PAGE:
Monday, December 15, 2008

Lima, Peru

Buenos Dias! Bienvenida a Lima, Peru! Or in other words, good day! Welcome to Lima, Peru! I got the chance to visit the capitol of Peru. It was only for a day. In fact, I spent more time on airplanes than I did in Peru, but I had a great time.

Lima is the capitol of Peru, and was officially founded in 1532 by Spanish conquistadors led by Francisco Pizarro, though the area was previously inhabited and considered part of the Inca Empire. Lima was under the Spanish flag until 1821 when it's tumultuous birth as an independent nation began with the aid of Argentinian and Chilean forces.

Lima's climate is that of a humid desert. It's sandwiched between the Pacific Ocean on the west and the Andean mountain range on the east. Being on the windward side of the mountains, it gets lots of balmy ocean breezes, but very little actual rainfall. In fact, they average only 0.3 inches of rain each year!

On the nice side, the average temperature is quite mild. The average temperature January through March is 79 F, while the average temperature in its coldest month, August, is only 64 F! Imagine living in a place where you never need a rain jacket or umbrella, and the most you would need is a light-weight jacket in the winter.

I actually got a rare opportunity to fly Business Class. Let me tell you, this is the only way to fly!

Just like any major city, they have big highways to get you from point A to point B efficiently.

They often used colorful pain on their buildings. Click on the image below to get a larger view. What you may notice is that the top floor of these buildings are not finished. Perhaps you can make out some re-bar sticking out of the tops. That's because there is a loophole in the real estate tax law that says a building can only be taxed once it is completely constructed. You don't see this much until you get to the outskirts of the city.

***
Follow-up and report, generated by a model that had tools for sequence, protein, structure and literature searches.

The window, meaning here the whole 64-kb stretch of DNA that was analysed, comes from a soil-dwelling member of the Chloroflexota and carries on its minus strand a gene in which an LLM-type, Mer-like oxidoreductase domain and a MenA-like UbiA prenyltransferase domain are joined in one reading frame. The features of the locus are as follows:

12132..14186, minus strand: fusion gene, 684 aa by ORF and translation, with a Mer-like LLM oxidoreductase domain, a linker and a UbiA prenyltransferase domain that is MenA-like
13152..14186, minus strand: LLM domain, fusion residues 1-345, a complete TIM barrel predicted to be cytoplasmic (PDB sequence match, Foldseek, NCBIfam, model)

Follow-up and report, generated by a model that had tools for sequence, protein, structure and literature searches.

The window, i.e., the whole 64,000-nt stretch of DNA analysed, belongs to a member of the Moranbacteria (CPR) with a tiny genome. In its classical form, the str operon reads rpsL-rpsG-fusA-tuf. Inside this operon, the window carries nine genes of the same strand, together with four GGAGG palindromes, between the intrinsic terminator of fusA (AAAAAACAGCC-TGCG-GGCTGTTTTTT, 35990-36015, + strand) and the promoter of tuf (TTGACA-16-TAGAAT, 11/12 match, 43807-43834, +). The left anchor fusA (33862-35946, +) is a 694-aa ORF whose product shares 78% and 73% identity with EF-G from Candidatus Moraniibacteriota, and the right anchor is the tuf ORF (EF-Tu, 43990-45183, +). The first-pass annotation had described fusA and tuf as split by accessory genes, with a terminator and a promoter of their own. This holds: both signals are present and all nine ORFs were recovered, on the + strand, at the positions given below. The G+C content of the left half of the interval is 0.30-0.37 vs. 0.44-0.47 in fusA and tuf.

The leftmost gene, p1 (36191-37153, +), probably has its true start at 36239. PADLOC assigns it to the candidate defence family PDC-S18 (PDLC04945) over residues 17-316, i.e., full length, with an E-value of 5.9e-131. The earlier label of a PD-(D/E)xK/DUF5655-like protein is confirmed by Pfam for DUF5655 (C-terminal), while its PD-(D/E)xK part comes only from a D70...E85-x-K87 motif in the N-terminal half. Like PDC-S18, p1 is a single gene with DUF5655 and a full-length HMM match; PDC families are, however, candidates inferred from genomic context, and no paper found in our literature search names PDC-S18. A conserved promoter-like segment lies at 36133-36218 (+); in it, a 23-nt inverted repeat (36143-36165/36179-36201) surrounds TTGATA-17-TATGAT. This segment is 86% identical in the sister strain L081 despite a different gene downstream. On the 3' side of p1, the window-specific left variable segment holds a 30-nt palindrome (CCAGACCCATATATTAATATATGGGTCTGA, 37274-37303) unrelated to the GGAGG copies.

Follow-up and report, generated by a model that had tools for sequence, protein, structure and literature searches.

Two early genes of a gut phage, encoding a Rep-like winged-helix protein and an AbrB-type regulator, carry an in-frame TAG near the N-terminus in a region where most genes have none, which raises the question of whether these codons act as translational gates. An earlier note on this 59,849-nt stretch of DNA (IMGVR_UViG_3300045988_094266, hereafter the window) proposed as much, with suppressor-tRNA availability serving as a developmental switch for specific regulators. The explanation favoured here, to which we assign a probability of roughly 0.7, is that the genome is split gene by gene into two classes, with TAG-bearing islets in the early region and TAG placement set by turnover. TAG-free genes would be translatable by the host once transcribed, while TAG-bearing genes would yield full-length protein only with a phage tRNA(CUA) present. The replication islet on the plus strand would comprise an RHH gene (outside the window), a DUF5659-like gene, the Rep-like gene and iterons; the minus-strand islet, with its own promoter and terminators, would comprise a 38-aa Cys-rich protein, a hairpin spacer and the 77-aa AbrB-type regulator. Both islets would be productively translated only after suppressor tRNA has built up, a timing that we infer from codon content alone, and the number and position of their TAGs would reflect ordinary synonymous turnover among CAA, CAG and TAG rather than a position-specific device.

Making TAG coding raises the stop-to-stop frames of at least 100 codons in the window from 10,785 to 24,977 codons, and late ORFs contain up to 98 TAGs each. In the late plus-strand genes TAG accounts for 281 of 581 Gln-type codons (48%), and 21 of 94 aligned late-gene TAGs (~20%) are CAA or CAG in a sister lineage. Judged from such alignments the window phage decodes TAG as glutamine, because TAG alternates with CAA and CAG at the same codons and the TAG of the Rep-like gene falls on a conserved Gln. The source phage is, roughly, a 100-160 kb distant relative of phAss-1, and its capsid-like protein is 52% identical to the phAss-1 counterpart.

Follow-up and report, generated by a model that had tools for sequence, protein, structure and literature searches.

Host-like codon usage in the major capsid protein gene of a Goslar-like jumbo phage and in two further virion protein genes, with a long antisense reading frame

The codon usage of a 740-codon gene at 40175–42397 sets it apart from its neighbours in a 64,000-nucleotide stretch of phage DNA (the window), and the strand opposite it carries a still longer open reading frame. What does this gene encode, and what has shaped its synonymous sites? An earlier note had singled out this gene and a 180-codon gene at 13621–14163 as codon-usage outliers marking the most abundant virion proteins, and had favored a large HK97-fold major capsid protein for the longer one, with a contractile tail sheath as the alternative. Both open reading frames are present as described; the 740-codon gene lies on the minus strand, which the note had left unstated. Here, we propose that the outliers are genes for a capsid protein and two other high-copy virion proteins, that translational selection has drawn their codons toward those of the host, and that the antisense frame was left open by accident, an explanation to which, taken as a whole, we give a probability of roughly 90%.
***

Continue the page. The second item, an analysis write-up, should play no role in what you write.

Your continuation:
At this big intersection there is no traffic light. Instead, there is actually a police officer directing traffic! You can click on the picture for a larger view. The yellow booth under the light post is an elevated platform where the officer waves his arms and blows his whistle. This was the only intersection direct by an officer that I saw. The rest had traffic lights or stop signs. I'm not sure why this one is special.

There was plenty of interesting architecture around...

And there were plenty of cool homes...

Like these...

And this one...

And that one...

Even the fire escape looks stylish on this building.

Despite lacking rainfall, there were a few city-owned gardens throughout Lima. Many of the gardens are watered by tanker trucks.

Motorbike taxis, like the one on the right side of the photo, were common, especially in the suburban regions.

It's just me, taking in some Spanish-influenced architecture. Later!

Thursday, November 20, 2008

Tacoma, Washington

I payed a brief visit to Tacoma, Washington, stopping by the Museum of Glass, Union Station, and the Tacoma Art Museum. Inside the Museum of Glass, you can not only see great works of glass art, but you can also watch them make the art in a large studio.